I find the BBC's reporters to be routinely hostile towards their subjects, behaving like the football hooligans of journalism. They try to hide behind the veneer of 'tough news reporting,' but in reality they most obviously use the interview to promote their own agendas. Thanks, but no thanks guys. Give me the Newshour with Jim Lehrer anyday. That's civilized!
its great to hear news coverage where the interviewers are not afraid to give their political guests a hard time and ask the kind of questions that most intelligent listeners want an answer to. It serves no one to treat guests as if they are somehow superior and worthy of grovelling deference........ as we see all the time on american tv
Previously I wrote that this podcast was not working properly and gave it five stars for content but only one for functionality. Well ... it now seems to be working again. So, I'm giving it five stars all round!
Living in the US as many of the BBC Podcast listeners do, I find it amazing at the lack of quality news programs. I like many, miss the BBC and the challenging methods it inflicts on it's guests. I believe that this demonstrates clearly the difference between a news service which is commercially motivated verses a news service which is not. On several occasions I've had the chance to interview US reporters and have put this question to them. The responses have always been the same. Should a US news service wish to continue to receive invitations to the important briefings and interviews, then it had better ensure that it does not ruffle any feathers. Let's hope the institution of the BBC continues for a long time and continues to ruffle feathers, and what’s more important, let’s hope that other countries follow suit.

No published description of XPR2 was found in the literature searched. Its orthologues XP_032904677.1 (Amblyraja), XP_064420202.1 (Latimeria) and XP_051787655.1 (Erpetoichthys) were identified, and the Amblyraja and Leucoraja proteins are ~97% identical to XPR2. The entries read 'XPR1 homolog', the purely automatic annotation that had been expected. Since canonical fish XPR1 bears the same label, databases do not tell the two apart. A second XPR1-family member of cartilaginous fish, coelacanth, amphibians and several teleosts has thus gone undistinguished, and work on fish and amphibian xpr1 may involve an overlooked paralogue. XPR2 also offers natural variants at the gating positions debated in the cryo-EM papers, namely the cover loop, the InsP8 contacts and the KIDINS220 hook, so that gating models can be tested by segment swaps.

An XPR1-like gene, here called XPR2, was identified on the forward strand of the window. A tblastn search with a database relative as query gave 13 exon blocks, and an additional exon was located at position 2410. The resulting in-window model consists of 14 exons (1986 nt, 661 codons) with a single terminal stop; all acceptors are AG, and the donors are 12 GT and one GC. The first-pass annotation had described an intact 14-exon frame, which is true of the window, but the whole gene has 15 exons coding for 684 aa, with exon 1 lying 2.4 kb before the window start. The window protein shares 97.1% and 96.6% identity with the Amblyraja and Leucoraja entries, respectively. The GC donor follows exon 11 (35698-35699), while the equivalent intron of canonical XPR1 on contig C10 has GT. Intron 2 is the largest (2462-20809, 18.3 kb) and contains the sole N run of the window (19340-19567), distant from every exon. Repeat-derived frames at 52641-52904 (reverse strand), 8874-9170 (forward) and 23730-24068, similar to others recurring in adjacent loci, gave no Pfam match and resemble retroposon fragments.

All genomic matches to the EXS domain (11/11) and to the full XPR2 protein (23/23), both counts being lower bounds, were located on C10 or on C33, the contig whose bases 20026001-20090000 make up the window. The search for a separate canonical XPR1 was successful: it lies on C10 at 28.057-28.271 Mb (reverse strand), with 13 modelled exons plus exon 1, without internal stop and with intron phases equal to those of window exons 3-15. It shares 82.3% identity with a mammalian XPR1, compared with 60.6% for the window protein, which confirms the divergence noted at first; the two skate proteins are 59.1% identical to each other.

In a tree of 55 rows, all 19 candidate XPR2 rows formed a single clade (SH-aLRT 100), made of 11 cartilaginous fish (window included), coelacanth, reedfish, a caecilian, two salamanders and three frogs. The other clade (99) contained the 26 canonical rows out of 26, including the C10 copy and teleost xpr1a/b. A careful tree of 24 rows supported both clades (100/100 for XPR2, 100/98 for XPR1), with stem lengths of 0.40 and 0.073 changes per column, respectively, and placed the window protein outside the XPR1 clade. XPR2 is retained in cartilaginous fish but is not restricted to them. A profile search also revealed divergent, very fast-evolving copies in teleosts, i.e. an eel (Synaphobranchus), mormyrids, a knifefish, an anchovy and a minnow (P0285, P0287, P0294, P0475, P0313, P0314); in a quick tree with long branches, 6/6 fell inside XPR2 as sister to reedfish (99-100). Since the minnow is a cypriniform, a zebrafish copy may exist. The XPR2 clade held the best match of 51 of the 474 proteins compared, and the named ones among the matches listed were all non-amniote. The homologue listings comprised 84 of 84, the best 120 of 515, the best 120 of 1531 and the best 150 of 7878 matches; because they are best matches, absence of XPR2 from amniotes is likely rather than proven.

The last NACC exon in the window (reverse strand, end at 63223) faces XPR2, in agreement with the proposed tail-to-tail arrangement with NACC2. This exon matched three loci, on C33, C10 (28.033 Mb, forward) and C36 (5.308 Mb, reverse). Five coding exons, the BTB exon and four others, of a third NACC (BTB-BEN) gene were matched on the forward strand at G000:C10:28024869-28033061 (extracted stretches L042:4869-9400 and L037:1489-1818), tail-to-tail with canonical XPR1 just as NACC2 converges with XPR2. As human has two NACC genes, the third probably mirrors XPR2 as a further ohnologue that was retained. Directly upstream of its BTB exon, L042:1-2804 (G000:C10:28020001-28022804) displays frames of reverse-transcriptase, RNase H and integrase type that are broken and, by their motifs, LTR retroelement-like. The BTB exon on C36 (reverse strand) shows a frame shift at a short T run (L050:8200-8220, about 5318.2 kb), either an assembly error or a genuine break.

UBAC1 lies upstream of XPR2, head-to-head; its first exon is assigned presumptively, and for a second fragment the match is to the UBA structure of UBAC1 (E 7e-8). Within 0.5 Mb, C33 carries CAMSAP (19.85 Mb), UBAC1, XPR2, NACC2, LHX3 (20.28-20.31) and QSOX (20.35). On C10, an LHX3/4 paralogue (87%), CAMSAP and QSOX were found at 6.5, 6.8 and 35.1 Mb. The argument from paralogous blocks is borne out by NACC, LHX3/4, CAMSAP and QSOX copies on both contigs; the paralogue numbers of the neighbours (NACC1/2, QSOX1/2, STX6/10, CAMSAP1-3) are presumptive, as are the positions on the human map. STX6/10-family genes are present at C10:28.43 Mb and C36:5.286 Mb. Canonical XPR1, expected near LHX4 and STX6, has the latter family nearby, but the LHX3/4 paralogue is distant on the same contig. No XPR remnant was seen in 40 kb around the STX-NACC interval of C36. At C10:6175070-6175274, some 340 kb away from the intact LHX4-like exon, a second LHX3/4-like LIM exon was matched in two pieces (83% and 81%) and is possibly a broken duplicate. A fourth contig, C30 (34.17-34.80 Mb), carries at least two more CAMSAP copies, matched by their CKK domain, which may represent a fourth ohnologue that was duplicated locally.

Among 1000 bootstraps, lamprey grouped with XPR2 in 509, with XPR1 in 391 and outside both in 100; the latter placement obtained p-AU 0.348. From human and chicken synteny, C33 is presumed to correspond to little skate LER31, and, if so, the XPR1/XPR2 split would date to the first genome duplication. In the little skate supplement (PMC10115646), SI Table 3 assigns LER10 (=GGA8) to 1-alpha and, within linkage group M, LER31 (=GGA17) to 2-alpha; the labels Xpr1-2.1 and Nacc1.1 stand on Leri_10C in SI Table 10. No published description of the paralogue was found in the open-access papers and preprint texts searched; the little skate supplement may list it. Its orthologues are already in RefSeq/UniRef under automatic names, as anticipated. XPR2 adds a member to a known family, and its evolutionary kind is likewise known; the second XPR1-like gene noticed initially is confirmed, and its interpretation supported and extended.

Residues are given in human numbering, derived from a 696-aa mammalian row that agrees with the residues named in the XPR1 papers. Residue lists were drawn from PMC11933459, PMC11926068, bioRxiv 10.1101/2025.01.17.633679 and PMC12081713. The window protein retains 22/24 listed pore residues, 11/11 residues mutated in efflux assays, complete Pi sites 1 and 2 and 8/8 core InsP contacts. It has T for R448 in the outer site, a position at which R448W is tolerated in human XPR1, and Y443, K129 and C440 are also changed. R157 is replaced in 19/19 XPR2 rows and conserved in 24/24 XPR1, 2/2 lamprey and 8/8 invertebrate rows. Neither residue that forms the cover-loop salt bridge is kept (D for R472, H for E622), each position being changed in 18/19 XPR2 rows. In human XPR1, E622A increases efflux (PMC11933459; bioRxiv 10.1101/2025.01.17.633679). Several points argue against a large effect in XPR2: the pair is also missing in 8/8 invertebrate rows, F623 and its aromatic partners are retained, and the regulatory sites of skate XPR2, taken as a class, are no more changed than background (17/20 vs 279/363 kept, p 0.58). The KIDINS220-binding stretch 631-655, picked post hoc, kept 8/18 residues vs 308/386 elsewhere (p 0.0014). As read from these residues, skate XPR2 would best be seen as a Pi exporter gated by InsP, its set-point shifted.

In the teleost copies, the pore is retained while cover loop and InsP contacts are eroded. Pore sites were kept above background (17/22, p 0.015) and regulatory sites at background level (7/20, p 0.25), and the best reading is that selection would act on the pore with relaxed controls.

As a brit living in the US, this podcast comes as a fresh air. Most in the US media don't seem to realise that their job is to scrutinise politicians rather than pander to them. When a guest comes on the Today programme they are expected to be able to stand up for themselves, and that's what makes it such an important programme. Some reviewers complain that the interviewers are 'mean' but in reality, they do their job, they ask hard questions of powerful people. Their listeners not only deserve that, we need it.
Radio fours Today podcasts are hard hitting but fair. Politicians have little wiggle room when they give vague answers to specific questions. In America we need the same from our interviewers. If the questioner sounds rude, it’s in and effort to make politicians answerable to the voters.
They interview very interesting people. The only problem is that the interviewer is mean to the people he interviews! For some reason he seems to think that the more disrespectful he is, the better. Too bad, as for some reason he is able to get very interesting people in his government to agree to show up.
i enjoy the world news side of this podcast it is not as one sided as our news here in the states.